For a long time I've been unimpressed by people who describe dubious UFO events, and suchlike, after they have crumbled to nothing after being promoted as the greatest breakthrough of the decade, as being 'an elaborate hoax'. These books reveal that, although there are indeed elaborate hoaxes, it's usually the simple ones that are most devastating. This of course is why there is so much talk about government 'disinformation' flying about in the UFO world at the moment. If you have been made to look a fool, it's rather more comforting to thing that you could only have been taken in by a team of high powered scientists and intelligence agents, with the resources of an entire government behind them. How galling to think it might have been done by a gang of kids from down the block!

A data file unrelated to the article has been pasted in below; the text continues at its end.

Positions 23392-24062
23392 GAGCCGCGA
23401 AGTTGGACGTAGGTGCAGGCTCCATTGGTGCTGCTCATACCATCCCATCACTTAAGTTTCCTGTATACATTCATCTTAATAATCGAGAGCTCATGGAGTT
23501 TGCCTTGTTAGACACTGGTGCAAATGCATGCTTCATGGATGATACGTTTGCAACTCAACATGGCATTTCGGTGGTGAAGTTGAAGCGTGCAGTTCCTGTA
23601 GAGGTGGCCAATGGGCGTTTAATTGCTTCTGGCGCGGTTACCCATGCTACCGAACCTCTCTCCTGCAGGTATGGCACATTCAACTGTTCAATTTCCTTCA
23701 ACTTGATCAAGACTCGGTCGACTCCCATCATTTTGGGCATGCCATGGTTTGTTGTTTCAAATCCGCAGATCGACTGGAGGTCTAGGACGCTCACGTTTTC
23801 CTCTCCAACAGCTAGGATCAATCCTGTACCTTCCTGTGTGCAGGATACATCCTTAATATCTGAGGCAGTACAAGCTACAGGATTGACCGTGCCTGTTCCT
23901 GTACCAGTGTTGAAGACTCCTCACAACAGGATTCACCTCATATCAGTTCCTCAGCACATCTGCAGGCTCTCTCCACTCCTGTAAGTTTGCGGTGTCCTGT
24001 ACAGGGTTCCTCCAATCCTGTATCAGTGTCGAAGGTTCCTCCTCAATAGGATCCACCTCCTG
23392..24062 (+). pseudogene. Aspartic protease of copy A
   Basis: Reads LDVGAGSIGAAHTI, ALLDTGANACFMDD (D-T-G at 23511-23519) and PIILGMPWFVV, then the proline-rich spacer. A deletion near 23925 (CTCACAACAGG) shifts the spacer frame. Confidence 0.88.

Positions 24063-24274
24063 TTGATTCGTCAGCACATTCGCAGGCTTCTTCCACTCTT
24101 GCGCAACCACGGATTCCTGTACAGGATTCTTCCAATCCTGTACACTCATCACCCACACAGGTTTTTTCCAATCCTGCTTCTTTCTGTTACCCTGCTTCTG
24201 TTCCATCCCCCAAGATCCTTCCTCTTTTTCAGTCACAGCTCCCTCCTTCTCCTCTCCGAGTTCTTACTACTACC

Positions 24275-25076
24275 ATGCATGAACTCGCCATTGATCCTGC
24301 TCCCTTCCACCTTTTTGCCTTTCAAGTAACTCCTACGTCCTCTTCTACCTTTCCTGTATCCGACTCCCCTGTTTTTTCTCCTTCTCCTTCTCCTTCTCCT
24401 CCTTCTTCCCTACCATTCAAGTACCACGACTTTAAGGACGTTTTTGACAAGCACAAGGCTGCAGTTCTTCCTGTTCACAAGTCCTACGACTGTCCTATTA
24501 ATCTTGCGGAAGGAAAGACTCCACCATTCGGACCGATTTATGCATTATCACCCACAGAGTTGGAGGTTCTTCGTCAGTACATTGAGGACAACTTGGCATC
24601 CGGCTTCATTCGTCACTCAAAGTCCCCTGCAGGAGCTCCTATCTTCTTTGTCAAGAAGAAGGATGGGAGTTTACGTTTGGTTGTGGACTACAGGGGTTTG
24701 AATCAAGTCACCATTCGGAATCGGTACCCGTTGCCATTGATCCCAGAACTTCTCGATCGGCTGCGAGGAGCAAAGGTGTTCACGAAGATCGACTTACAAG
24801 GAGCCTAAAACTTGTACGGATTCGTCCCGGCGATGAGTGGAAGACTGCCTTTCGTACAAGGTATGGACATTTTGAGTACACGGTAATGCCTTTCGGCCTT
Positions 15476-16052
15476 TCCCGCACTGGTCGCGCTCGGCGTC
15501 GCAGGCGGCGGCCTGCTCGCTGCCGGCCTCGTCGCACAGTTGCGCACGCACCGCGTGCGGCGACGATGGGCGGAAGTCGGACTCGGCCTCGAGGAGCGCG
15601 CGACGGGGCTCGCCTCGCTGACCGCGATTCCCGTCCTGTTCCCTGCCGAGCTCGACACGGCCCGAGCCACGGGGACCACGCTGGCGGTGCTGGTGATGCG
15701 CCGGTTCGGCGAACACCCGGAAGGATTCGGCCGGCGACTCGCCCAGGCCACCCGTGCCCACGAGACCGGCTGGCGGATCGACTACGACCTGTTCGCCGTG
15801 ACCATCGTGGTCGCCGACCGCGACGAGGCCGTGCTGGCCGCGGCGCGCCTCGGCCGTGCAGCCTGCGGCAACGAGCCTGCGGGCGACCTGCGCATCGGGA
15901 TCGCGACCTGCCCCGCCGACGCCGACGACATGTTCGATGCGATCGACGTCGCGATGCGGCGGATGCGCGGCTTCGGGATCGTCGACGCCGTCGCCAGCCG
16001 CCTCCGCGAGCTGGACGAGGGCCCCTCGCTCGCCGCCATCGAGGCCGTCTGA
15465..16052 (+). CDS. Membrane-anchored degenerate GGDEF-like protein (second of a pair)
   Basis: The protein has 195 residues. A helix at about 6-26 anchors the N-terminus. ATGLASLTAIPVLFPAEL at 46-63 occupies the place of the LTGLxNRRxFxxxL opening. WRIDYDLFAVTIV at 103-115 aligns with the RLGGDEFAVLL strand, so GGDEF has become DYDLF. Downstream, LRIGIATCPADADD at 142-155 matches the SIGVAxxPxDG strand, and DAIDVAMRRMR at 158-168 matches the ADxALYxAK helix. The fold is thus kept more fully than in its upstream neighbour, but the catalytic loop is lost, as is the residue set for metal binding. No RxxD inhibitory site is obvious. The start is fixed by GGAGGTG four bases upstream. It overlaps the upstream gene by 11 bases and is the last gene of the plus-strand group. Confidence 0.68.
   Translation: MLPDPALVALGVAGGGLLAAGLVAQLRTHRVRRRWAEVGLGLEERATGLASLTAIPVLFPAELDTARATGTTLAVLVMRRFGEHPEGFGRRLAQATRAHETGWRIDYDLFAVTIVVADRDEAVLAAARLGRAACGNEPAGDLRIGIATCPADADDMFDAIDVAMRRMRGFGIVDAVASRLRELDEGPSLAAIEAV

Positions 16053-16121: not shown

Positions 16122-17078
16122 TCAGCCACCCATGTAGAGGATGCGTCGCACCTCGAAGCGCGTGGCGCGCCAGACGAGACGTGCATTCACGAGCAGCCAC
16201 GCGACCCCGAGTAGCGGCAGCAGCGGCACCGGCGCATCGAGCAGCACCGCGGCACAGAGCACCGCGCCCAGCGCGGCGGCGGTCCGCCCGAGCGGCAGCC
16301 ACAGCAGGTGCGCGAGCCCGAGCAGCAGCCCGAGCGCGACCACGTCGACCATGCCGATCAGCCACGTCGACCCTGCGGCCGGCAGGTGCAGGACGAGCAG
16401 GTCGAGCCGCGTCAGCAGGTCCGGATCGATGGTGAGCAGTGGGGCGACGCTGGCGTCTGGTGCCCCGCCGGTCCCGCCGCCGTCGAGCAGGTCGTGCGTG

The 'elaborate' MJI2 hoax is perfectly capable of being rigged up by anyone with access to an old typewriter and a camera. Once a hoax like this starts, any irrelevant piece of information can be introduced to verify it. Other people with axes to grind will start adding their twopennyworth to it and after that they develop a life of their own, as once the format is established other people join in. The fact that their style of hoaxing differs from the original is simply offered as evidence of the complexity and number of people who must be involved in the elaborate plot.